Another interesting factor--there were primarily male meteorologists on the TV screens over the weekend. Kim Martucci was absent from Channel 4 [due perhaps to French Open Tennis "bumping" the AM news/weather both days!] and I didn't see much of Sue Palka on Fox5, either. Perhaps the ladies would have called the setup more accurately.

Posted by: Bombo47jea | June 7, 2010 1:44 PM | Report abuse

There should be a choice that goes, "CWG (and Wapo) left the tornado warning well past the time the front had passed. Hey, it's Sunday!"

Posted by: jojo2008 | June 7, 2010 1:45 PM | Report abuse

The guy on channel 9 (Topper?) was acting like the end of the world was upon us. Seemed a little full of himself and got defensive about the amount of coverage they were giving the storm (something about them having a duty to protect life and property and that trumped people watching golf on TV or some such nonsense).

Posted by: Axel2 | June 7, 2010 3:01 PM | Report abuse

I think there was decent reasoning for the watches given the strength of the system passing through the northeast. However, the timing always looked a little suspect (too early for many) and I sometimes wonder if the guys in Oklahoma (SPC) understand East Coast severe weather as well as they do that in the plains etc. The local NWS was perhaps a bit too bullish, and the CWG forecast was pretty good. I think one issue may have been the overall speed of the storms throughout the northeast. Sometimes that makes it harder for them to fully develop as they otherwise could.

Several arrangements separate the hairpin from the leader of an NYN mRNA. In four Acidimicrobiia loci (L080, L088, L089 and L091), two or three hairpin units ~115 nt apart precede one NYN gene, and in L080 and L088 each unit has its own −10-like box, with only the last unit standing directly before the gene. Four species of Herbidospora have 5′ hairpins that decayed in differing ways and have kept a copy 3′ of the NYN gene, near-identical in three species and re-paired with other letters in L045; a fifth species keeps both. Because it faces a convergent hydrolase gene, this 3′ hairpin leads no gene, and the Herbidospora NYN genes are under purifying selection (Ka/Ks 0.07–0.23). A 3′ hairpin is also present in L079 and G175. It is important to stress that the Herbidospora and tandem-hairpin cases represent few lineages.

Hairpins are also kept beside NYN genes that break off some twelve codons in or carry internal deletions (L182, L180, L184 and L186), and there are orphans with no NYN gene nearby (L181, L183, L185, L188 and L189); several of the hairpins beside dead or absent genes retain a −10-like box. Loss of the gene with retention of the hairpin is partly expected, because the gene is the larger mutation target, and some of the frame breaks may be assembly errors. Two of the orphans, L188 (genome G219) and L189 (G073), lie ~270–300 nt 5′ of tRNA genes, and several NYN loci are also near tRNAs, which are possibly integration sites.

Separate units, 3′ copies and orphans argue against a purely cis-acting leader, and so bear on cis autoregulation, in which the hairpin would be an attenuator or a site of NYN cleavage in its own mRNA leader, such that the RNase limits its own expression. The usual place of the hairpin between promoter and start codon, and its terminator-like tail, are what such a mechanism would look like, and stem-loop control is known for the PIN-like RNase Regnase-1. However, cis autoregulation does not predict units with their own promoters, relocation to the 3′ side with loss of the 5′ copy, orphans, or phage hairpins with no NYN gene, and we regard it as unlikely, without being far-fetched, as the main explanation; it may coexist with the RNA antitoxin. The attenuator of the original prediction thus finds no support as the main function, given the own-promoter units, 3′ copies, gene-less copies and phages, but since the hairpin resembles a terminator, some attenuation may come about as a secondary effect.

Posted by: Ian-CapitalWeatherGang | June 7, 2010 3:13 PM | Report abuse

I live in Stafford County, and in the general area in which the radar was broken down to yesterday afternoon. I was thankful for the extra coverage.

Posted by: 30StinkyToes | June 7, 2010 4:14 PM | Report abuse

It happened that I was watching 'Pump Up the Volume' on Channel 50. They did briefly interrupt the sound to talk about the tornado warning, but I didn't mind. When I heard Fauquier Co, I checked radar to confirm the activity was moving east of my location.

Posted by: spgass1 | June 7, 2010 4:27 PM | Report abuse

Erring on the side of caution has its place, but the worst thing the warning system can do is desensitize people to the watches and warnings it issues. We didn't even get rain downtown on Sunday.

Posted by: fleeciewool | June 8, 2010 8:10 AM | Report abuse

Then again, to be fair - this time of year often produces dangerous storms. I recall one in the first week of June 1989 that shut the city down for days. Big huge oak trees were strewn all over the place, power was out, schools closed, and so on. So maybe these guys saw a similar pattern setting up on Sunday?

Posted by: fleeciewool | June 8, 2010 8:14 AM | Report abuse